When the developed eggs are retrieved by the doctor, the IVF clinic transfers them to a special fluid that is meant to simulate the inside of a woman’s reproductive system. In the case of a same-sex male married couple, the eggs are divided into two groups (this is known as a “split cycle”). Each egg is placed in a container with around 10,000 sperm from a frozen sample provided by one of the male Intended Parents. This means half of the eggs would be fertilized by one husband and half of the eggs by the other husband. Again, to clarify, all of the embryos would have the same female genetic donor, making each of the children full or half genetic siblings.
The next day, the medical staff removes the fertilized eggs from storage to see how they are developing. Usually, two circles are visible inside the fertilized egg, each representing the genetic contribution from the egg donor and the male Intended Parent who fertilized that specific egg. The embryos will be carefully watched over the next 5 to 6 days. During this process, some may not develop, or may cease developing, for seemingly no reason. For an additional cost, which practically all IVF patients at the better clinics opt to pay, the technology exists to biopsy a handful of cells from the edge of the egg towards the end of this development process. Essentially, 4 or 5 out of 200 cells are taken from what will become the placenta and analyzed for biological sex, chromosomal disorders, and genetic diseases.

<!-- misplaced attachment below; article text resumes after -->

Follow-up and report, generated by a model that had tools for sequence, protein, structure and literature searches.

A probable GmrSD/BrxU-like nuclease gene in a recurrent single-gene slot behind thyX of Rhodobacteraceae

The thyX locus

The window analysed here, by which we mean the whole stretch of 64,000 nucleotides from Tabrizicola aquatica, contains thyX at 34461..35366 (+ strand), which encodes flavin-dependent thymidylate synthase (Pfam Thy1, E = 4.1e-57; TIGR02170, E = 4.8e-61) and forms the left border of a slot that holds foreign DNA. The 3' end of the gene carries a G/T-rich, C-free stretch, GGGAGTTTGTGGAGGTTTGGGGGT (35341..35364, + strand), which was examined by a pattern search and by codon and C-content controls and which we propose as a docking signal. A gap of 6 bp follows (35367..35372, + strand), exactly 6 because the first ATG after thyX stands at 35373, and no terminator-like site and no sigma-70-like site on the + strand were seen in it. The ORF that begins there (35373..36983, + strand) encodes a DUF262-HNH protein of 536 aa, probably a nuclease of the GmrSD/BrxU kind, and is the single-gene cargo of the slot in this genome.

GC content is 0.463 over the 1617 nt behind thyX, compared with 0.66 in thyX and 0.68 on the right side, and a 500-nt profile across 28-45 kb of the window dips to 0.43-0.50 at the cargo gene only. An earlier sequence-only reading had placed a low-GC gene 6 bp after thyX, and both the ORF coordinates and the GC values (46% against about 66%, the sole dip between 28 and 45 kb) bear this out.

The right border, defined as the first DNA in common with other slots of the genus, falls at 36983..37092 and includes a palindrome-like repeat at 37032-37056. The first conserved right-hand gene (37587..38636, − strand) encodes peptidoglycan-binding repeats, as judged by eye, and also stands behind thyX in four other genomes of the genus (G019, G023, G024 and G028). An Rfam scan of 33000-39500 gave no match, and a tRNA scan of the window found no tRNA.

On the 6th day, the healthy embryos which pass the test are ready to be flash frozen in a process that halts metabolism so they can be revived when it is time to begin gestational surrogacy. At this point, they are made up of one of four categories.
- The male embryos of male Intended Parent 1
- The female embryos of male Intended Parent 1
- The male embryos of male Intended Parent 2
- The female embryos of male Intended Parent 2
To make that clearer, in the case of Aaron and me, the four categories would be:
- Male embryos created with Joshua’s DNA
- Female embryos created with Joshua’s DNA
- Male embryos created with Aaron’s DNA
- Female embryos created with Aaron’s DNA
All embryos share the egg donor’s DNA for the female component.